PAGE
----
Environmentally friendly biofumigants fight soil pests but pose rotation challenges

03/01/2011 12:00:00 PM

Indeed, Diane Green, who, with her husband Thom Sadoskiv, operates Greentree Naturals, a certified-organic farm in Sandpoint, Idaho, found that mustards can serve as a catch crop— or trap crop—to kill pests as well as an effective biomass that helps reinvigorate the soil.

Green first used Pacific Gold developed by Brown between rows of broccoli to help control flea beetles.

“We planted the mustard because flea beetles love mustard,” she says. So instead of going into the broccoli, they went into the mustard plants.

“After using the mustard as a trap crop, we ended up cutting it up and tilling it into the soil to use it as a cover crop,” she says. “We were so happy with the results that we repeated that process the following year.”

Mustard works especially well as a cover crop in northern Idaho because it can grow quickly and can endure the cold and early frost season, she says.

Greentree grows 37 kinds of salad greens and more than 100 kinds of vegetables, berries and tree fruit. Green uses Mighty Mustard products as trap crops and as cover crops, she says.

 


 

Mighty mustards help battle nematodes, flea beetles

 

Jack Brown, professor of plant breeding and genetics at the University of Idaho in Moscow, has developed a handful of commercially available mustard cultivars with specific glucosinolates in the plant tissue to serve as green manure biofumigants.

Davidson Commodities Inc. of Spokane, Wash., markets seed from these new products in 2- and 25-pound bags. The cultivars are called IdaGold (yellow mustard) and Pacific Gold (Indian mustard) and are sold under the Mighty Mustard brand, says Kim Davidson, president of Davidson Commodities.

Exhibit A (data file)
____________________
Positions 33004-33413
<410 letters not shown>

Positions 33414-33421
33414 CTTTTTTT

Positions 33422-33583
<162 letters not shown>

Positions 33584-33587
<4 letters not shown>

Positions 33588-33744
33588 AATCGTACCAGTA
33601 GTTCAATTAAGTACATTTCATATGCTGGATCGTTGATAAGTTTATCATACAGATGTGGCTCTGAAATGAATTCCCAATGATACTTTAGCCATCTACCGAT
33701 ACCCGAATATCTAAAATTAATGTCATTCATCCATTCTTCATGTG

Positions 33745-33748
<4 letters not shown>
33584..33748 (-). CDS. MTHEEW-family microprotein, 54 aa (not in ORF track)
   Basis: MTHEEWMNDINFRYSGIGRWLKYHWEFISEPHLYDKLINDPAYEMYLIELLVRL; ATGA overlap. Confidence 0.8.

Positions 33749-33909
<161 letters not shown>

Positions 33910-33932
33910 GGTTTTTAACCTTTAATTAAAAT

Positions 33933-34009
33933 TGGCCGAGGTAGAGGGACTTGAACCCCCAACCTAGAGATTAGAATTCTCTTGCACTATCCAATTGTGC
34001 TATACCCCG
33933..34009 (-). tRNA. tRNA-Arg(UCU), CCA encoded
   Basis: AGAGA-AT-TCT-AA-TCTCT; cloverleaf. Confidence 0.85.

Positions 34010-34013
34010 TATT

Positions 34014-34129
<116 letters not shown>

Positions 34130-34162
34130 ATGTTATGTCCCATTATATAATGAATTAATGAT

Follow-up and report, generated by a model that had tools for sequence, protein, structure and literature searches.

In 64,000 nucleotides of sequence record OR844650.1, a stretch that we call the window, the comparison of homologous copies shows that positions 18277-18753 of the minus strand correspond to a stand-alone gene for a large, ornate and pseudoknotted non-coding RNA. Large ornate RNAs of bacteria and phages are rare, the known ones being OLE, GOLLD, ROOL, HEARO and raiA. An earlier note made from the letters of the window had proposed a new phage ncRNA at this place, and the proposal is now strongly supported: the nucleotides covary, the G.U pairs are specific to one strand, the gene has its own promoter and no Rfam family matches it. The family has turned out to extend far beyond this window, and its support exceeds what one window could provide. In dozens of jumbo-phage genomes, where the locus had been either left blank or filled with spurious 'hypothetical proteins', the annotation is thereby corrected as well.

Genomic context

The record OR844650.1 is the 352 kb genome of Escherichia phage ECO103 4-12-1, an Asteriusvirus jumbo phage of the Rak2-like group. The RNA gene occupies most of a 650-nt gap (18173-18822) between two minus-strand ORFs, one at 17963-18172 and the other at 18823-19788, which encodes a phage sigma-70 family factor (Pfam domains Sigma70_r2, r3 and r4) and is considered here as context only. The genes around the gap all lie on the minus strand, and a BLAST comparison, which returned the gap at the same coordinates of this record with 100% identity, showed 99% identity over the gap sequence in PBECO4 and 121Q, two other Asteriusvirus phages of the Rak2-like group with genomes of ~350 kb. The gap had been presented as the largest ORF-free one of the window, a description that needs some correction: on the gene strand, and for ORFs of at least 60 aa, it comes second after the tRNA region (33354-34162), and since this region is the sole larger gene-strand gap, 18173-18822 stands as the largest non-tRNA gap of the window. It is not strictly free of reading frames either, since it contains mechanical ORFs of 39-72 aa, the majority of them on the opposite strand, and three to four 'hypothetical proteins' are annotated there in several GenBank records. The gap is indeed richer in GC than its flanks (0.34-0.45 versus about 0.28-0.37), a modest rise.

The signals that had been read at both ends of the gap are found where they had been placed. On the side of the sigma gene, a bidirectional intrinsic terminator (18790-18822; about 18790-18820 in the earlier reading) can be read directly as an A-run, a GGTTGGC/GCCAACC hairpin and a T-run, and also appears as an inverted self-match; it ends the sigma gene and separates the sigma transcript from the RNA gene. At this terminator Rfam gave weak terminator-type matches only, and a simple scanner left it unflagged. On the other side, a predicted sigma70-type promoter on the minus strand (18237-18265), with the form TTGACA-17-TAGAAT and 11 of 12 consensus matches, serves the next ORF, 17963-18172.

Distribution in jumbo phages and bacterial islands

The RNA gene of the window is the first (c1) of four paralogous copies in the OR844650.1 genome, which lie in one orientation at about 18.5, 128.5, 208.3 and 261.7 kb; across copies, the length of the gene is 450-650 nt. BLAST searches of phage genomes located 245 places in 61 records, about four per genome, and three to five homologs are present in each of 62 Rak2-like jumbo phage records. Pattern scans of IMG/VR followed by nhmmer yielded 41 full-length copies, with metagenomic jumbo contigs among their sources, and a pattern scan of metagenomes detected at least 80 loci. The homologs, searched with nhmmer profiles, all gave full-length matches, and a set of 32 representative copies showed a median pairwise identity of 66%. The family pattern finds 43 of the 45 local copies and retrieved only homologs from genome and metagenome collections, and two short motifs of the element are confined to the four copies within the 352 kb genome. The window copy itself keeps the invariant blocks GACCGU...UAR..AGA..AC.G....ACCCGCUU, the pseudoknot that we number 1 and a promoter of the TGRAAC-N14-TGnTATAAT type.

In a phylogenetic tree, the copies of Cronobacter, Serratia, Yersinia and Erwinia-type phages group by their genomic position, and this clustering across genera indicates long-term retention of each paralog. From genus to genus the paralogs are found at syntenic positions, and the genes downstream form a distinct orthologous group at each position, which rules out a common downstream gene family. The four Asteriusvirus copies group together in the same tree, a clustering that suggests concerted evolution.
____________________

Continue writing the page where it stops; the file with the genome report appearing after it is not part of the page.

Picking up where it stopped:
Brown’s newest cultivar—Kodiak—should be available later this year, though it is not part of the Mighty Mustard line.

IdaGold is a weed suppresser, and Pacific Gold helps combat insects, nematodes and fungal pathogens, such as sclerotinia and Verticillium wilt, Brown says. These cultivars were developed through traditional breeding methods and are not genetically modified organisms, or GMOs. Kodiak is similar to, but more pungent than, Pacific Gold, he says. Growers can plant Mighty Mustard products in the fall and again in the spring or once a year, Brown says.

He advises waiting at least three weeks after disking Mighty Mustard glucosinolates into the soil before planting fruits or vegetables. That will allow time for their biofumigation properties to diminish so they won’t injure the planted crops.



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